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By Chief Mass Communication Specialist Erica Gardner, Navy Office of Community Outreach 

Photo by Mass Communication Specialist 2nd Class Jackson G. Brown 

 

 

NAVAL SUPPORT ACTIVITY BAHRAIN – Petty Officer 1st Class Puma Franklin, a Hamilton, Ohio, native, wanted to join the Navy to challenge herself.
Now, eight years later and half a world away at Naval Support Activity Bahrain, Franklin serves at U.S. Naval Forces Central Command (NAVCENT) / U.S. 5th fleet. 

“Every day there's something different, and I love that challenge,” said Franklin. “I love that variety, because it keeps me on my toes and I don't become complacent.” 

Franklin, a 2008 graduate of Hamilton High School, is a yeoman at U.S. 5th Fleet, headquartered in Manama, Bahrain. 

“I process administrative work for all aspects of U.S. 5th fleet, and I process travel for sailors' families,” said Franklin. “Without yeomans like me, nothing would get done in the Navy. We're there to take care of sailors' issues, and people depend on us when they're unsure of procedures.” 
Franklin credits success at U.S. 5th Fleet, and in the Navy, to many of the lessons learned in Hamilton.“The community I came from really prepared me mentally for the Navy,” said Franklin. “I really learned how to work and interact with all kinds of people, and that’s been big for me in the Navy.” 

U.S. 5th Fleet directs naval operations to ensure maritime security and stability in the Central Region, which connects the Mediterranean Sea and Pacific Ocean through the western Indian Ocean. They work with partner nations to ensure freedom of navigation and the free flow of commerce in international waterways. 

The Navy’s U.S. 5th Fleet area of operations encompasses about 2.5 million square miles of ocean, and includes the Arabian Gulf, Gulf of Oman, Red Sea and parts of the Indian Ocean. This expanse, comprised of 20 countries, includes three critical choke points; the Strait of Hormuz, the Suez Canal and the Strait of Bab al Mandeb at the southern tip of Yemen.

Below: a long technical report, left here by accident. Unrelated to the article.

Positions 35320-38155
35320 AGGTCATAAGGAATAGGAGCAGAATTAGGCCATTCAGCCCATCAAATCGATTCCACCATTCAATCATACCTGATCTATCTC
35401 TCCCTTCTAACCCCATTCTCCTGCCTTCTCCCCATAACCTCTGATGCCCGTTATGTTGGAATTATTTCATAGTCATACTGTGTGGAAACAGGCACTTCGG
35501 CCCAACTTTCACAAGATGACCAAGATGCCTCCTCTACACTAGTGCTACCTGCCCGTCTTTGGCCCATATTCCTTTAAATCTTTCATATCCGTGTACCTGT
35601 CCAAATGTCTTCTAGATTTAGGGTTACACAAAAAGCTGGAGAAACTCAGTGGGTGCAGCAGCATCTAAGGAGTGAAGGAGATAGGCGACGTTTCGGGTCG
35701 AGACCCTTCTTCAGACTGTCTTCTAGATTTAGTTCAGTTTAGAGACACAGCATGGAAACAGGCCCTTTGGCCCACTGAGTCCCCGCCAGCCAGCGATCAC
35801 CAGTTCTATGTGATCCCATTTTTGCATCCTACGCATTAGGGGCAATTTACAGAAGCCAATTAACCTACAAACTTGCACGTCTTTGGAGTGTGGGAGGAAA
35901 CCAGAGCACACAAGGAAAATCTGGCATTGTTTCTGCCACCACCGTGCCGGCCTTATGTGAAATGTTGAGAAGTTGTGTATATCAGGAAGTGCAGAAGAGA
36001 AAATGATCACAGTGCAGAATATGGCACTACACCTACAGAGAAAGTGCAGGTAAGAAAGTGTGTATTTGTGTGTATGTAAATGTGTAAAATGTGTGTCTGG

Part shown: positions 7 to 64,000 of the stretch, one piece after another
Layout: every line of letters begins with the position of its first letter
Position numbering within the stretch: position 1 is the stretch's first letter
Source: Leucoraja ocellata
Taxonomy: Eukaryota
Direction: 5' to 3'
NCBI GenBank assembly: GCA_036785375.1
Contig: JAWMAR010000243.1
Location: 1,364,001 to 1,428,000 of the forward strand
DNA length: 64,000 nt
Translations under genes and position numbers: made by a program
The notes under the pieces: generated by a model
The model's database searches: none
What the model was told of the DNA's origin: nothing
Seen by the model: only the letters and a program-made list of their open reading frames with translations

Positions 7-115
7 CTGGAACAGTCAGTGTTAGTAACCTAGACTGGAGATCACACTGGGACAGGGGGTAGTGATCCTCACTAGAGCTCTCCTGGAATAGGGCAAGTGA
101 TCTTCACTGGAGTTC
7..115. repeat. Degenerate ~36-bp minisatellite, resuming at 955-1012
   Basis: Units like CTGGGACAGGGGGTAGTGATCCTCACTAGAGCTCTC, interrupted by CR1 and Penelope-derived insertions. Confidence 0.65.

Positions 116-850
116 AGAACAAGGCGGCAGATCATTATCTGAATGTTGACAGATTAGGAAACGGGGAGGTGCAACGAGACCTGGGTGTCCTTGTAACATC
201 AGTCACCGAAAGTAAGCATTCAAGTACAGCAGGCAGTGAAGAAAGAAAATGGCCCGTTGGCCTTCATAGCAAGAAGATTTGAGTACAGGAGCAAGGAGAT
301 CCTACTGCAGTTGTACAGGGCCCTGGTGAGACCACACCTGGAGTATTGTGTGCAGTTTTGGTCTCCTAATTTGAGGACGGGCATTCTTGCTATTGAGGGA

“The culture and the people here are like nothing I've ever been around before,” said Franklin. “The people are very welcoming of us and I really enjoy being stationed here.” 

Serving in the Navy means Franklin is part of a world that is taking on new importance in America’s focus on rebuilding military readiness, strengthening alliances and reforming business practices in support of the National Defense Strategy. 

A key element of the Navy is tied to the fact that America is a maritime nation, and that the nation’s prosperity is tied to the ability to operate freely on the world’s oceans. More than 70 percent of the Earth’s surface is covered by water; 80 percent of the world’s population lives close to a coast; and 90 percent of all global trade by volume travels by sea. 

“Our priorities center on people, capabilities and processes, and will be achieved by our focus on speed, value, results and partnerships,” said Secretary of the Navy Richard V. Spencer. “Readiness, lethality and modernization are the requirements driving these priorities.” 

Though there are many ways for Sailors to earn distinction in their command, community, and career, Franklin is most proud of becoming a sexual assault prevention advocate. 

“To be able to make an impact on people's lives in the Navy has been incredibly rewarding,” said Franklin. 

As a member of one of the U.S. Navy’s most relied upon assets, Franklin and other sailors know they are part of a legacy that will last beyond their lifetimes contributing to the Navy the nation needs. 

“I'm just here to do my part for people back home, and around the world, and the Navy gives me different opportunities to grow,” said Franklin. 

 

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